You need three things. And the first thing is belief. And this is the cheesiest part, and it sounds kind of cheesy. You need belief in the power of practice, and then you need to believe that you’re gonna be able to do consistent practice to get that boulder up that hill. I think that those are quite easy things to be, it’s not just sort of a vague thing, believe in yourself or whatever. You believe in the power of practice, which I think is an easy thing to believe. And then you believe in the fact that you can do consistent practice and get that boulder up that hill. You can keep building skills.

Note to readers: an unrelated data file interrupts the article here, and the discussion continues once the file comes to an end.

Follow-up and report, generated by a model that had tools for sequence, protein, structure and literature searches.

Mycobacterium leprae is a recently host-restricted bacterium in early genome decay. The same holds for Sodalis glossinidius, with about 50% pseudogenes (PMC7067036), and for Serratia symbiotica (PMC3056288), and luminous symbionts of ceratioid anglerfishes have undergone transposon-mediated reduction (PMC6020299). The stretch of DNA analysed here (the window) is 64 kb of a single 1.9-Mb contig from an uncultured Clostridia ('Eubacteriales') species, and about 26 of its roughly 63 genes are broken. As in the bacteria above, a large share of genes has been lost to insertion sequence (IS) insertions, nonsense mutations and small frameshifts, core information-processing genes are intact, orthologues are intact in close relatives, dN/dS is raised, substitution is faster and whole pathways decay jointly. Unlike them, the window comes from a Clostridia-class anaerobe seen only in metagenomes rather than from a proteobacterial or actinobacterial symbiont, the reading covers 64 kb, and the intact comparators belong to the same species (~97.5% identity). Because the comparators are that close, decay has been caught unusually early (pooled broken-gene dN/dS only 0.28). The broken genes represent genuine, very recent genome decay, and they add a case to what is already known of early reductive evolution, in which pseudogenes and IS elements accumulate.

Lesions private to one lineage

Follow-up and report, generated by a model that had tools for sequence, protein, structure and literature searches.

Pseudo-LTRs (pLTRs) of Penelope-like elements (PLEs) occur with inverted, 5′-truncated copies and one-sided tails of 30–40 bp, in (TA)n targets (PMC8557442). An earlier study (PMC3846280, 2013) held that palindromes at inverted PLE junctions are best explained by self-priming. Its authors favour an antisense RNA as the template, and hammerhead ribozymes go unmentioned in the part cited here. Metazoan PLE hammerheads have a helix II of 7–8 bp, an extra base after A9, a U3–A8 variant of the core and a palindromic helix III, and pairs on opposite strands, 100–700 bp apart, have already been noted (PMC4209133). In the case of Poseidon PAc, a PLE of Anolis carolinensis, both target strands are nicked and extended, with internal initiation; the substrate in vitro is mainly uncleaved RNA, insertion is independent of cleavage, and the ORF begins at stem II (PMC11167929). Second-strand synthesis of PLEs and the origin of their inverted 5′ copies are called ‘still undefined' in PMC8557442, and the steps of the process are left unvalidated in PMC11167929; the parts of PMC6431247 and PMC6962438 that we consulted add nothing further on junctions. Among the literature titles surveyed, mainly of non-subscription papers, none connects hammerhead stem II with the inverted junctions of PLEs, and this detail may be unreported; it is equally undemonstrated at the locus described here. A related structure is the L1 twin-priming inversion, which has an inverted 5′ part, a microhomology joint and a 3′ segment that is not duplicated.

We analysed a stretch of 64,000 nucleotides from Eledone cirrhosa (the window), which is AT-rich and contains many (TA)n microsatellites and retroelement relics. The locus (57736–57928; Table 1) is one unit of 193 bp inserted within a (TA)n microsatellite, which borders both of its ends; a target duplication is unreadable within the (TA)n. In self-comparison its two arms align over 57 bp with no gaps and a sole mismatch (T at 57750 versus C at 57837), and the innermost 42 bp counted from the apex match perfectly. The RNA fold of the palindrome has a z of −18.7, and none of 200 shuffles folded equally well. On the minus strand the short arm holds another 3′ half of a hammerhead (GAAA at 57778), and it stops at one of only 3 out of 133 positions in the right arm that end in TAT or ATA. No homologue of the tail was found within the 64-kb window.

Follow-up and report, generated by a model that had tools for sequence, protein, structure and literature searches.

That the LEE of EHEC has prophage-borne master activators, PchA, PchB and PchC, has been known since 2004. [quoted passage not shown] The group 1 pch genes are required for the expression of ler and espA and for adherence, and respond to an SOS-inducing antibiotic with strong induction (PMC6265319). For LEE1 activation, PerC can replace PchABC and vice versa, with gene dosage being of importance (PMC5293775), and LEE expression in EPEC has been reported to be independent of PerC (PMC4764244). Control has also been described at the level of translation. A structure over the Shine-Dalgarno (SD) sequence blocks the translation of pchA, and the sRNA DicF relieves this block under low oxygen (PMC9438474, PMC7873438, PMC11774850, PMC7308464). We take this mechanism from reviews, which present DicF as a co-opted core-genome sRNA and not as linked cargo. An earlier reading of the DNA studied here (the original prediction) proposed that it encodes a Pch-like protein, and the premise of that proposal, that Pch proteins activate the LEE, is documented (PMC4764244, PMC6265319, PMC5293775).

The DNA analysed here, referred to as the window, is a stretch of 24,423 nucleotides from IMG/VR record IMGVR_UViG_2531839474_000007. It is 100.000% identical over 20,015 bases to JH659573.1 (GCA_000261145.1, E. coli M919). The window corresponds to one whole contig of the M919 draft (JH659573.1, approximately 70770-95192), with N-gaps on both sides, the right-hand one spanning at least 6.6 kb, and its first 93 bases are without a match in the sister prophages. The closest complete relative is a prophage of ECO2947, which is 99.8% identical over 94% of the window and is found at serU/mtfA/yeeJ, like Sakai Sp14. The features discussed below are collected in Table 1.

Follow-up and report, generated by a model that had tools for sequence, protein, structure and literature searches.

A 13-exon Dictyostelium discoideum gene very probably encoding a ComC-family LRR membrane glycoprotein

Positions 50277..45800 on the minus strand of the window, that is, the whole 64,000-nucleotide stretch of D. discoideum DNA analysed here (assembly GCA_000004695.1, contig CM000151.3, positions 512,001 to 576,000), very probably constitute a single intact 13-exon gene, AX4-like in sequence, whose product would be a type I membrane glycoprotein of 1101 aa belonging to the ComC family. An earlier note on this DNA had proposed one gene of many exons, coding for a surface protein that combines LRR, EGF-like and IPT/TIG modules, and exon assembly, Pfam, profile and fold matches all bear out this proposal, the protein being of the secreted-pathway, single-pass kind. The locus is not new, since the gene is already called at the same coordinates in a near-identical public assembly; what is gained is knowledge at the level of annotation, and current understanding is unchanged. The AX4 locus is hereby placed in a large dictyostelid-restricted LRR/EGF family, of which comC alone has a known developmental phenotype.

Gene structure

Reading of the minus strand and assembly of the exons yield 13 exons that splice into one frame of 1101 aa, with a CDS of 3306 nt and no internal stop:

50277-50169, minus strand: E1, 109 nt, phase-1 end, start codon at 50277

The second thing is your identity. Who you are in your own head. If you can start to see yourself as an artist on the journey, on an art journey, and love that journey that you’re on that makes a huge difference. Because that means that you love every practice session that you do because it’s part of that journey. Even if it doesn’t go well ’cause that’s part of the adventure. And so it’s way easier to sit down, and do your practice every day, when you love the journey that you’re on. It’s really hard when you’re just thinking about some far away goal or destination and how you wanna be there, but you’re here now, and you wish you were over there. If you enjoying the journey and you know, it’s cheesy, but the destination is the journey, right? Like actually, there isn’t really a destination. It keeps moving. I’ve never met an artist yet who just said, yeah, I’m there, I’m just doing exactly what I wanna do and I’m not trying to learn anything new. I’m not striving for more. I’m not trying to express more or capture more. I’ve just done it.